This binary brings me to an article, Who Can Call Themselves Autistic? Here, the authors respond to Thomas McKean’s 2006 “A Danger in Speaking.” McKean writes of the autism conference circuit, denouncing speakers who have self-diagnosed as autistic and also casting suspicion on those who were officially diagnosed in adulthood. McKean reasons that the self-diagnosed and the adult-diagnosed have little to no place in the conversations surrounding autism. Although McKean poses some valid concerns about self-diagnosis (after all, we don’t want autism to become a teenage internet fad), what he doesn’t acknowledge are the obstacles certain autistics face in obtaining diagnostic testing. Those who are “high-functioning” adults have typically been misdiagnosed with disorders that never fit, or have been institutionalized or wrongly medicated because the “autism” of 1993 wasn’t the “autism” of 1994. Moreover, insurance companies rarely cover autism-related expenses. Testing can cost anywhere from $600 to $5000, depending on where one lives. Additionally, both age and gender complicate autism diagnosis: adults learn to compensate for their autistic “oddities,” and women often present as “milder” cases. Additionally, very few specialists are equipped to deal with autism diagnosis, some even believing that only emotionless, monotoned boys age seven or younger can be diagnosed with Asperger’s.

In short, McKean claims that self- and adult-diagnosed autistics haven’t “suffered” like he has, yet he ignores the fact that these autistics have “suffered” in ways that he hasn’t. Moreover, in Asperger Syndrome Employment Workbook, authors Meyer and Attwood maintain that official diagnosis should never be imposed upon autistics: rather, those who do not wish the stigma of a medical label can accurately claim autism if their self-diagnosis is “peer-confirmed”:

Every AS person deals with diagnosis and disclosure issues in a unique way. If you are self-diagnosed, your diagnosis should be validated through the comments of other adults with AS. This is called ‘self-diagnosis, peer-confirmed.’ Many self-diagnosed AS adults refrain from diagnosis for as many reasons as there are individuals. (33)

The self-diagnosis debate isn’t something that I’d like to get into any further, though I do offer the argument that any person who identifies as autistic is also self-diagnosed, whether officially diagnosed or not. I see self-diagnosis as self-identification and official diagnosis as being identified. (And, yes, in case people are wondering, I’ve been officially diagnosed, unofficially diagnosed, self-diagnosed, misdiagnosed, and peer-confirmed — and not in that order. How many hoops must one jump through to really be autistic? Or maybe the real hoop is the “cure” hoop?)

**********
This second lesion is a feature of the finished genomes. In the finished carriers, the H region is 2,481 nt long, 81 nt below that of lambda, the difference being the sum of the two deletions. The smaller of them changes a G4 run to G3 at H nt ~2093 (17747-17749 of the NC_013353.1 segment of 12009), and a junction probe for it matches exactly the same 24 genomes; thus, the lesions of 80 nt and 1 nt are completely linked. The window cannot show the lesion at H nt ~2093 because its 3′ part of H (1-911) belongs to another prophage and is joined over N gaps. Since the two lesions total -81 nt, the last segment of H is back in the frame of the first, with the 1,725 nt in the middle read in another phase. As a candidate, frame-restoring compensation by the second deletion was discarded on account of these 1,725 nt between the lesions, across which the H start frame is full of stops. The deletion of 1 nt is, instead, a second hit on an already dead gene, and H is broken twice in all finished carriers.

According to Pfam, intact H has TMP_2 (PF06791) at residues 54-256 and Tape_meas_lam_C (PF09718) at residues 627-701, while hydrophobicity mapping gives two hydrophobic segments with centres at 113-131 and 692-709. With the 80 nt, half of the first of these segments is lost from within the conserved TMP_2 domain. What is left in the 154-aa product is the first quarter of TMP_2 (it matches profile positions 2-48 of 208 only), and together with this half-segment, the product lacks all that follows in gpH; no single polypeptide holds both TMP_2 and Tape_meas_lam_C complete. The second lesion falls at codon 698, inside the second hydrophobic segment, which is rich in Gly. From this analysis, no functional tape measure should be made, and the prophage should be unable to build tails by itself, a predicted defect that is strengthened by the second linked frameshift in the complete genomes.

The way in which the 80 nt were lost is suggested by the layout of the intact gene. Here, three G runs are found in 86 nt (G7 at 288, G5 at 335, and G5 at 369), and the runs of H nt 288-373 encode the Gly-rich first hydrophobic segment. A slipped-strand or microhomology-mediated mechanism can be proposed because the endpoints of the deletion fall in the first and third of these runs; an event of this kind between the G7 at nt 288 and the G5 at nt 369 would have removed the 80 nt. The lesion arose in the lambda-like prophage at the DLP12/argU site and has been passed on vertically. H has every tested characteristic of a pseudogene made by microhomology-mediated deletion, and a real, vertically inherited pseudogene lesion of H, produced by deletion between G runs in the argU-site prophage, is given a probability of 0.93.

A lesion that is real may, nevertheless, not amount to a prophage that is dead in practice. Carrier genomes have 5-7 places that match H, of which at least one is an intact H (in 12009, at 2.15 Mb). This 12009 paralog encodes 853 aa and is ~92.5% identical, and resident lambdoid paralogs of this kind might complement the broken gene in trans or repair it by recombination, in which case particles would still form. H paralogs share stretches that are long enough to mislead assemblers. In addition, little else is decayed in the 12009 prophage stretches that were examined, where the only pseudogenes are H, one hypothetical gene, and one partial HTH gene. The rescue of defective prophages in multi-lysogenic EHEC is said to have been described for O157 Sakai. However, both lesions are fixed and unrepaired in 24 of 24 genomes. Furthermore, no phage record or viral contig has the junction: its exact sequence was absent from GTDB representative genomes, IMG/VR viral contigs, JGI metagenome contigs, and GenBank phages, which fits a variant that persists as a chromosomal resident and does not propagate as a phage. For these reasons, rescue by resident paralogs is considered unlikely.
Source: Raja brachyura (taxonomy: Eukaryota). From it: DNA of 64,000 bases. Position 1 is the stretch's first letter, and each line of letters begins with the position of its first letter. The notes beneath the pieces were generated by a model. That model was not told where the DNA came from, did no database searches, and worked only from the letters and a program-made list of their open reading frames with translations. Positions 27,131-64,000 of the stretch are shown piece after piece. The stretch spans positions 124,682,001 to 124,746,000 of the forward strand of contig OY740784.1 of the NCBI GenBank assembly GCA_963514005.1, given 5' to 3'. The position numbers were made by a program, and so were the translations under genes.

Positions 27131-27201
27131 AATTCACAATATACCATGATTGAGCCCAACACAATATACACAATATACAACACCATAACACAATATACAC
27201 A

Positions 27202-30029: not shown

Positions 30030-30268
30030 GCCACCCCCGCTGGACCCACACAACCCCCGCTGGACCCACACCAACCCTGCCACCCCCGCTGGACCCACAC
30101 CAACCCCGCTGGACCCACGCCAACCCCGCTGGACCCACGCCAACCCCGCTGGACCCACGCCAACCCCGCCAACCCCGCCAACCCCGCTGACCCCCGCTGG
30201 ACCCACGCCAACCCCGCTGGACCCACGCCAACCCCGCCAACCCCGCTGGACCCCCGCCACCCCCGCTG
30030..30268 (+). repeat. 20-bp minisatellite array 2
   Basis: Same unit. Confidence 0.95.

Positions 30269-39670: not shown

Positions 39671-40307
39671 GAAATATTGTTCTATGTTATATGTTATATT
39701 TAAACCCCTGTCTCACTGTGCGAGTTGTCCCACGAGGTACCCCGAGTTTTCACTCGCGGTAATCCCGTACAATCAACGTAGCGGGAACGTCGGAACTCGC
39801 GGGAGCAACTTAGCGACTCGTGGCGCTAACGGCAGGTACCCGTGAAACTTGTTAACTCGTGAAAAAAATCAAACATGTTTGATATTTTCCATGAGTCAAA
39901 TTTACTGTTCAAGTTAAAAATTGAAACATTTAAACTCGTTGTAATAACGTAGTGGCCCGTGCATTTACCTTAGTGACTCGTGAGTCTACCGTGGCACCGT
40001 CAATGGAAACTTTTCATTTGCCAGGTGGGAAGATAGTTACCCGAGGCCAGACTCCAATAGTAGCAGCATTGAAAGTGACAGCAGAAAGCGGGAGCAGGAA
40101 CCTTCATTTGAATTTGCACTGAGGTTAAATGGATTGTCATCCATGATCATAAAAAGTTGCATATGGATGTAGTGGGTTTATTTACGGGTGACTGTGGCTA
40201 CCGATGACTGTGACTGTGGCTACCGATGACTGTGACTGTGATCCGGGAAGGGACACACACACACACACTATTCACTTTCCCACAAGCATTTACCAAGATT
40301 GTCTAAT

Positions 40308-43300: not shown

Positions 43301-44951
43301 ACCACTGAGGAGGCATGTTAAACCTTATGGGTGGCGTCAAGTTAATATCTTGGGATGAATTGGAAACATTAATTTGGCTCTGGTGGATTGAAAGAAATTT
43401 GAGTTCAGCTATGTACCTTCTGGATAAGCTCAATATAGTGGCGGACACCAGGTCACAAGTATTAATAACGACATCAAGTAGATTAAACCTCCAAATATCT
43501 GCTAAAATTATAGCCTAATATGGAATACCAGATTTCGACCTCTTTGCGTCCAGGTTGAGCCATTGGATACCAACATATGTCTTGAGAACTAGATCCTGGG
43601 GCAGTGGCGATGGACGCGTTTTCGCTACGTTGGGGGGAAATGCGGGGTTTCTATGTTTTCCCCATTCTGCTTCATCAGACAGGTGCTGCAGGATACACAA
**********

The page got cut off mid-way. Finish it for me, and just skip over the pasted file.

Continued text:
McKean’s logic, as described by the auties and aspies at, is this: if you don’t want a cure for autism, then you need to prove that you’re autistic, because it’s 99% certain that you’re not really, truly autistic.

Questioning someone’s diagnosis is part-and-parcel with the HFA/LFA binary. These designations fail to account for the spectrum that is autism, a non-linear spectrum, at that. And, of course, if we truly want to dismantle this “functionalization” of autistics, what do we say to those autistics who do the opposite, the ones who claim that autistics who want cures or hate autism aren’t “real” autistics? Writes McKean,

What you do not have a right to do is to claim that a cure is wrong for everyone. Until you have met everyone with autism in the world, until you have gotten to know them, you simply cannot make a blanket statement like this.

My response to this, which is always evolving, causes me to wonder if it’s actually cure that such people are after. The dialogue that GRASP tried to start with Autism Speaks on the cure debate is one such illustration of the cure confusion. When autistics reference cure, do they desire to become entirely new people, the sort of brain-transplant cure that neurodiverse activists decry? Or, do they mean societal acceptance, or accommodations, or reduction of one “symptom” such as sensory overload, or medical treatment? Because if autism truly is what modern science describes it to be — genetic, neurological, and brain-based — then, indeed, a cure for autism would involve major brain rewiring or prenatal testing and abortion.

I have more to say, but this post is too long. So I’ll stop, muse some more, and come back to this.